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Best Lightroom Export Settings (For Print, Instagram & More)

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This article will cover the best Lightroom export settings—these settings balance image quality with accessibility. Whether posting to Instagram or printing, you will find the perfect way to share your best work.

Let’s take a deep dive into the many settings in the Lightroom Classic export dialogue box (File > Export). Many of the options are also in the export panel of Lightroom CC, but not all.

To learn how to export photos from Lightroom, see our article ‘How to Save and Export Photos from Lightroom‘.

lightroom export interface

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How to Create the Best Lightroom Export Settings

You love your images and want to share your favourites at the highest quality possible. But this does not always mean exporting the files at 100%. Exporting images from Lightroom is not a one-size-fits-all situation.

You share your photos in different ways. The Lightroom export settings depend on where you are sharing the images. But we’ll cover how to best export photos from Lightroom without losing quality.

Step 1: Use Export Location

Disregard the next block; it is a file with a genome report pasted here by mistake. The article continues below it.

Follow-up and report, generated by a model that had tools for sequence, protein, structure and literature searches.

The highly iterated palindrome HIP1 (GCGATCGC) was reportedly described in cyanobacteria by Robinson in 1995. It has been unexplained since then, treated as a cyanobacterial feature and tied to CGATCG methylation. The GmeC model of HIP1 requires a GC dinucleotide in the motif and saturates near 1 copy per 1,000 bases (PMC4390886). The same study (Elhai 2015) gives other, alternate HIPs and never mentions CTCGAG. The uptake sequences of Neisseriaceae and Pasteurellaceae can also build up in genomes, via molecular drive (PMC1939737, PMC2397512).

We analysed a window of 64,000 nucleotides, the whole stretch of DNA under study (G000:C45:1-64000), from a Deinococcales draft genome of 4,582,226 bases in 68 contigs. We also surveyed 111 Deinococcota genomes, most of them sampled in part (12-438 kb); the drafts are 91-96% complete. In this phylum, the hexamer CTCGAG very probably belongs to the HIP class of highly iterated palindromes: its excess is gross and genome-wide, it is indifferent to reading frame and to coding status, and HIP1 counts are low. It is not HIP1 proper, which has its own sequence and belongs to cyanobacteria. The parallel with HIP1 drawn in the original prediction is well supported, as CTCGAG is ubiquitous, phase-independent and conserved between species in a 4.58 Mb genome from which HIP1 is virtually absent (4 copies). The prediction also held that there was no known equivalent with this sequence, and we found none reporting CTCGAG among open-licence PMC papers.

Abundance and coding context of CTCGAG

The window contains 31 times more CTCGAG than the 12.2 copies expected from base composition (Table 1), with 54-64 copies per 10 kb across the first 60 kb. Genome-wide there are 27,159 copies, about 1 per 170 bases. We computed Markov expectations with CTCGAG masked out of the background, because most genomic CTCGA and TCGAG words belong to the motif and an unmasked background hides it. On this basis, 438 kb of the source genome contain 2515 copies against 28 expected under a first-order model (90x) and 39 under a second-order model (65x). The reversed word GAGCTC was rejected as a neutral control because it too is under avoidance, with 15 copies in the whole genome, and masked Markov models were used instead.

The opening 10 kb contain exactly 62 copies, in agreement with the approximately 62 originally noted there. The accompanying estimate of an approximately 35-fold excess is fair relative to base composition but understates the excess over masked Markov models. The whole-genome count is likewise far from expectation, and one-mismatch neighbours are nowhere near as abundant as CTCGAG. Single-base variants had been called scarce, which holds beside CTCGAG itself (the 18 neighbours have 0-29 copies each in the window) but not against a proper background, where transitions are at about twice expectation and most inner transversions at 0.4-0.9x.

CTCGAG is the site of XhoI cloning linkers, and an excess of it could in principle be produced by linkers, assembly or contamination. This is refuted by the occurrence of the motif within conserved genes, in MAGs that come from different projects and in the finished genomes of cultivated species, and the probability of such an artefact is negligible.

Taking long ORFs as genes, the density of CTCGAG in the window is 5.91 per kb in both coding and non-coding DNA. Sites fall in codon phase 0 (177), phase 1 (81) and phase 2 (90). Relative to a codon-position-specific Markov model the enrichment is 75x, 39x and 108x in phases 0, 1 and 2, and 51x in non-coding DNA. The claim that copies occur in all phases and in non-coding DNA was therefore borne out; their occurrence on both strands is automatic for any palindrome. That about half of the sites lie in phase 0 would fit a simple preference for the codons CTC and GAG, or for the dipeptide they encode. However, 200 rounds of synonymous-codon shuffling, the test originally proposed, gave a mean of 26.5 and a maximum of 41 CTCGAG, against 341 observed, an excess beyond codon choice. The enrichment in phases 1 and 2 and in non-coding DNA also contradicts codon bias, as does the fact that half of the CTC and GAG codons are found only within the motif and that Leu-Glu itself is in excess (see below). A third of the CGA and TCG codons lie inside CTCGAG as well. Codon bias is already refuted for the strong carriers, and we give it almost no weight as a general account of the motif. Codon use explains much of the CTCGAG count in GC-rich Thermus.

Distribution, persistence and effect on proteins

Use the settings under the Export Location tab to help you organise exports. There is no best export location. Choose the location that works for you.

Select ‘Same folder as original photo’ to keep your exports with the original photos. But you can also choose to save them to your Desktop in a new folder. Choose where you want to keep your images.

You also have the choice to add the created images to a subfolder or your Lightroom catalogue. If you want to access the exported file later, you may have to synchronise the folder it’s in (Library > Synchronise Folder).

Screenshot of Export Location dialog box for Lightroom export settings

Step 2: Use File Naming

Lightroom Classic exports using the file name encoded by your camera by default. But you can customise the file names in almost infinite ways. Then, you can save your favourite naming combinations to use each time you export.

Start by opening the File Naming tab and click the box next to ‘Rename File’. Open the drop-down menu and select Edit. This opens the Filename Template Editor.

Lightroom Classic includes default naming choices like ‘Filename’, ‘Sequence #’, ‘Date’, and ‘Title’.  Scroll through the drop-down menus to see more choices.

Use other options like ‘Image #’ and metadata naming options like ‘Copyright‘. Include as many identifiers as you like. Click the Insert button next to your choices.

Custom Settings and Presets

You can also type directly into the template editor. Add custom text to your image title or punctuation to separate title elements. Lightroom shows you an example of what the title looks like for your selected image.